The second Innovation & Growth Leadership Summit will build on the deep and candid sharing of the first one held in Chicago. Those two days were filled with an incredibly rich exchange of insights from an incredibly smart group of innovation leaders. We were amazed at the willingness of people to share as much as they did – including the good, bad, and ugly. Part of the openness was our promise that ‘what’s said in the room stays in the room’ – a promise we are repeating. The other part was a common bond that formed quickly among everyone. Again, we expect this to happen in Phoenix. To give you an idea of the takeaways, here’s a quick summary of the first Summit:
Key topics were culture change, metrics/risk management, supplier innovation, ecosystem expansion, and enabling technologies. Table discussions surfaced such challenges as:
- Sustaining culture change – what do you do after ‘unfreezing and re-freezing’ (Lewin’s model)
- Tapping the startup ecosystem – where to look for the best ideas and talent
- Focusing the portfolio; select the best ideas, kill the zombies — and think big!
- Re-setting expectations with suppliers, how to change the paradigm from commodity provider to innovation partner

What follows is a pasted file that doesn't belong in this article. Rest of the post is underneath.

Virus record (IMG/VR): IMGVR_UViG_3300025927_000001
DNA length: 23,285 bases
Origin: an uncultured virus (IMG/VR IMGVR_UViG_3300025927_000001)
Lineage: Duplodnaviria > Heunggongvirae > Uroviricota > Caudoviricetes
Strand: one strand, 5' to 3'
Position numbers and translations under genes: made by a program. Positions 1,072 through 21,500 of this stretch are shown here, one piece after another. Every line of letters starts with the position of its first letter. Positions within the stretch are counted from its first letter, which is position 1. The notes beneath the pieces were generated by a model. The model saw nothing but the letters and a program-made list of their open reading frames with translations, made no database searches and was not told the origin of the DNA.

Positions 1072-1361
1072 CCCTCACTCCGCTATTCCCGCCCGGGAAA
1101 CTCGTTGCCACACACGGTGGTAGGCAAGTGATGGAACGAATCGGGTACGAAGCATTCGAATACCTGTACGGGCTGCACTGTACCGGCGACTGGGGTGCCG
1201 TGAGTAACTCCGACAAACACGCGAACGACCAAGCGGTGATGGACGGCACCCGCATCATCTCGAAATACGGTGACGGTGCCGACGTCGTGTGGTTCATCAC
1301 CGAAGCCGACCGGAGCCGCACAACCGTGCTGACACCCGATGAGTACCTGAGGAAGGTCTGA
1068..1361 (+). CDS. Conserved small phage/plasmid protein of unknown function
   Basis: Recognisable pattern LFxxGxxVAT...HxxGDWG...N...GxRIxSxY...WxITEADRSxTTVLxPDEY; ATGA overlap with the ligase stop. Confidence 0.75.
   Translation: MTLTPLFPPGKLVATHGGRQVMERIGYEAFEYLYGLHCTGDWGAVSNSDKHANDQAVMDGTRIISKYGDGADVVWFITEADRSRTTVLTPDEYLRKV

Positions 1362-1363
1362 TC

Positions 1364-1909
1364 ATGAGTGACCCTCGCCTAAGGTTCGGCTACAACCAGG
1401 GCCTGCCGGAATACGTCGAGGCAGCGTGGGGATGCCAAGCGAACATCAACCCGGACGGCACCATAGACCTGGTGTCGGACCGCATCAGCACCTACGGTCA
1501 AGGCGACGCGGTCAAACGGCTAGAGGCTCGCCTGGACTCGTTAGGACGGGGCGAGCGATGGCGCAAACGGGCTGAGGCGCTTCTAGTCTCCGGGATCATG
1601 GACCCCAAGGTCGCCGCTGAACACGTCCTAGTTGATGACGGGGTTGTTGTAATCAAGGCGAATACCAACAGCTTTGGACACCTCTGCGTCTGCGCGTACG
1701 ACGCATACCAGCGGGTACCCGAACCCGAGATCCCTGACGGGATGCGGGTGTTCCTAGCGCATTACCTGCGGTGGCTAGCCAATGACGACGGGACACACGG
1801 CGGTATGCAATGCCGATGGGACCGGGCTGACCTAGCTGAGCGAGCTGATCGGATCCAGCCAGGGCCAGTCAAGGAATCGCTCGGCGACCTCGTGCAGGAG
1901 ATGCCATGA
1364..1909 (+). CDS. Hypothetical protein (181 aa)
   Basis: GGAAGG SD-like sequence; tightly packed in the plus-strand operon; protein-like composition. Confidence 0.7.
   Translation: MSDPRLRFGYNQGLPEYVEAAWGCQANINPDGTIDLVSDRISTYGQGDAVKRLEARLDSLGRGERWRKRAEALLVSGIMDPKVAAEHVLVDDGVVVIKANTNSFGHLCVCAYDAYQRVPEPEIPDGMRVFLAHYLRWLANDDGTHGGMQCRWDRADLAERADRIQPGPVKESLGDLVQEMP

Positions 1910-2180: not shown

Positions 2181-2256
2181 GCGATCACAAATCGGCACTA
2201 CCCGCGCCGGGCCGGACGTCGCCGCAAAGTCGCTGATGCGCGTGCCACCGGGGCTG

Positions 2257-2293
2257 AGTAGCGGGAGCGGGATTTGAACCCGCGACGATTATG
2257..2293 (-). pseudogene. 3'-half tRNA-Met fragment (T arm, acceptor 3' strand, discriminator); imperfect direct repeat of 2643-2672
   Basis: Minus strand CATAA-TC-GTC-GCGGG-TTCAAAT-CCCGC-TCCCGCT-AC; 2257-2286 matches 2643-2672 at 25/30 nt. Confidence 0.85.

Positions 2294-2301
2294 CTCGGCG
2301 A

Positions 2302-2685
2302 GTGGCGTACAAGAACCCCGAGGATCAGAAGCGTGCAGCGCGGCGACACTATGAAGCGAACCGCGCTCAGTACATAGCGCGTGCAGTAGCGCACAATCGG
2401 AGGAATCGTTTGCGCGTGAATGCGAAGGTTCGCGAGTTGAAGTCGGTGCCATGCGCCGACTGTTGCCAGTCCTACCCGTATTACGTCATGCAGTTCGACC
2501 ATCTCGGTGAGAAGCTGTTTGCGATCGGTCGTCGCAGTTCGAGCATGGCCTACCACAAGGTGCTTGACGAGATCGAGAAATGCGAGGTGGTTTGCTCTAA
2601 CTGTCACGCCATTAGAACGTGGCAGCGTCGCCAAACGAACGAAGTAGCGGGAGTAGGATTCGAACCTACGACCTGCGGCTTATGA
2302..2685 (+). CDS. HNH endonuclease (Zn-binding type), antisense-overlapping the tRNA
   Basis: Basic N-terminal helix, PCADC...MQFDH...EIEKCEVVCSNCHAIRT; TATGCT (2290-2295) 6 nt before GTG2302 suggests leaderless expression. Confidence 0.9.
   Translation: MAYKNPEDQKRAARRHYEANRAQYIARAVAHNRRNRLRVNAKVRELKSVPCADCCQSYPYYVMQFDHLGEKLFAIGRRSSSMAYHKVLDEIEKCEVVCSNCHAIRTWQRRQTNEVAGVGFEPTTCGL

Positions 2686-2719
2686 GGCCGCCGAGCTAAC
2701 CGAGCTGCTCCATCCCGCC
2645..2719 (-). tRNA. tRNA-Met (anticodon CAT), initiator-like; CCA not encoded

- Balancing investors’ and stakeholder’ priorities with the longer horizon (allocating resources among core, adjacent, and new – knowing when to adjust or shift)
- Taking bigger risks – why, when, who and how
Speakers shared tips and insights from their own experience, including:
- To create and sustain change – decide what you want your culture to be, stay committed, and continually review. Know where you want to excel and focus. Communicate, quantify and measure, be open and transparent, develop allies one at a time, and build trust by being trustable.
- To generate growth – develop an ecosystem strategy, look at what startups are doing, look at megatrends, and look at university research. Continuously build your network, solicit ideas from everywhere, listen closely to customers (pain points, not specs), and listen to customers’ customers. Big bets should be balanced with bread-and-butter, but don’t fear risk. Don’t spread resources too thin. Remember you can acquire or borrow capacity from outside, but capacity is not the same as capability. You need both. In terms of partnerships, evaluate each deal uniquely. The process of developing a term sheet is as important (and telling) as the terms themselves. The more open you are, the more you get out of relationships. Don’t let the past limit you.
Topics for deeper exploration were also identified by participants. These topics, along with participants’ current challenges, will shape the discussion in Phoenix.